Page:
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Using Graph Search Engines and High Performance Servers to Find Malware Patterns

As the cost of undetected malware increases, organizations - and particularly those in the financial sector - are motivated to identify cyber threats as swiftly as possible.

By 2021, the estimated amount of damages due to malware will be $6 trillion - as cyber-criminals place malicious software inside computer networks to gain access to bank accounts, exfiltrate account information, transfer funds, or extort money through ransomware. 

There have already been around 3,500 successful cyber-attacks against financial institutions this year, according to reports filed with the Treasury Department's Financial Crimes Enforcement Network. A single hack into Capital One yielded the personal data of over 100 million people.

All of this illustrates just how mission-critical it has become for security specialists to identify and neutralize threats instantly. Yet today’s threat detection tools face formidable challenges, particularly when analyzing massive datasets.

In response, banks and other large organizations are exploring new search and compute technologies to find malware faster. New in-memory computing and graph search tools can identify cyber risks in near real-time, condensing what typically takes weeks down to just minutes.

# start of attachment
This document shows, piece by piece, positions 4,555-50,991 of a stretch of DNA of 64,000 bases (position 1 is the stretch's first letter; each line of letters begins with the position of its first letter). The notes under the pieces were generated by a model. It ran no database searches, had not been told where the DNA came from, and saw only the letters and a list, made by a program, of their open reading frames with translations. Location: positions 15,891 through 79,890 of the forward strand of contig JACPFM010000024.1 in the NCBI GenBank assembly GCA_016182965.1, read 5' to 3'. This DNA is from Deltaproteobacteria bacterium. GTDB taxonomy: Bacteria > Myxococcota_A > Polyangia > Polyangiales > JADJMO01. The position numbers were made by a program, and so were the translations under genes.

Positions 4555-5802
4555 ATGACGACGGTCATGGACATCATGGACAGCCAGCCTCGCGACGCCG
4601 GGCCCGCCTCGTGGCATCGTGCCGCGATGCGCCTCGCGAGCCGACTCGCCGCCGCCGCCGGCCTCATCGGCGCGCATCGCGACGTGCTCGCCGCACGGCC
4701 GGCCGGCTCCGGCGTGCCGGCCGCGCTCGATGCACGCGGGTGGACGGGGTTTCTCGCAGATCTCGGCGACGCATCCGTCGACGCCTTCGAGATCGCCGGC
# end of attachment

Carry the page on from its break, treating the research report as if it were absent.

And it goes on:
For security experts who work with particularly large datasets, and who are vexed by the time it takes to find and neutralize undetected malware on their networks, there are steps which can help.

Use tools with greater scale
There is too much data for conventional tools to scan in a reasonable amount of time. Organizations must regularly scan their network log data to identify lateral movement. Yet banks can generate multiple terabytes of network log data per day, which means threats cannot be found in a meaningful timeframe.

Conventional tools will simply never catch up to the amount of data being generated and the number of incoming threats hitting the network. That’s one reason why the mean dwell-time for malware is 71 days, and that interval exposes organizations to a whole lot of potential damage. 

You need to look beyond conventional graph databases to find malware. Graph databases are scalable both vertically and horizontally, without introducing data integrity or consistency issues, and work very well for smaller datasets. The challenge is that graph databases don’t scale well once you get into terabytes of data. They lose steam in the small terabytes of data sizes with dramatic declines in performance on larger datasets. This happens for two reasons:

  1. Because scaling horizontally results in nearly every memory fetch (edge traversal) requiring a message to be sent across a network to some other node
  2. Keeping data on disk and working with only a small part of that data in memory results in thrashing of data between RAM and disk in order to traverse edges.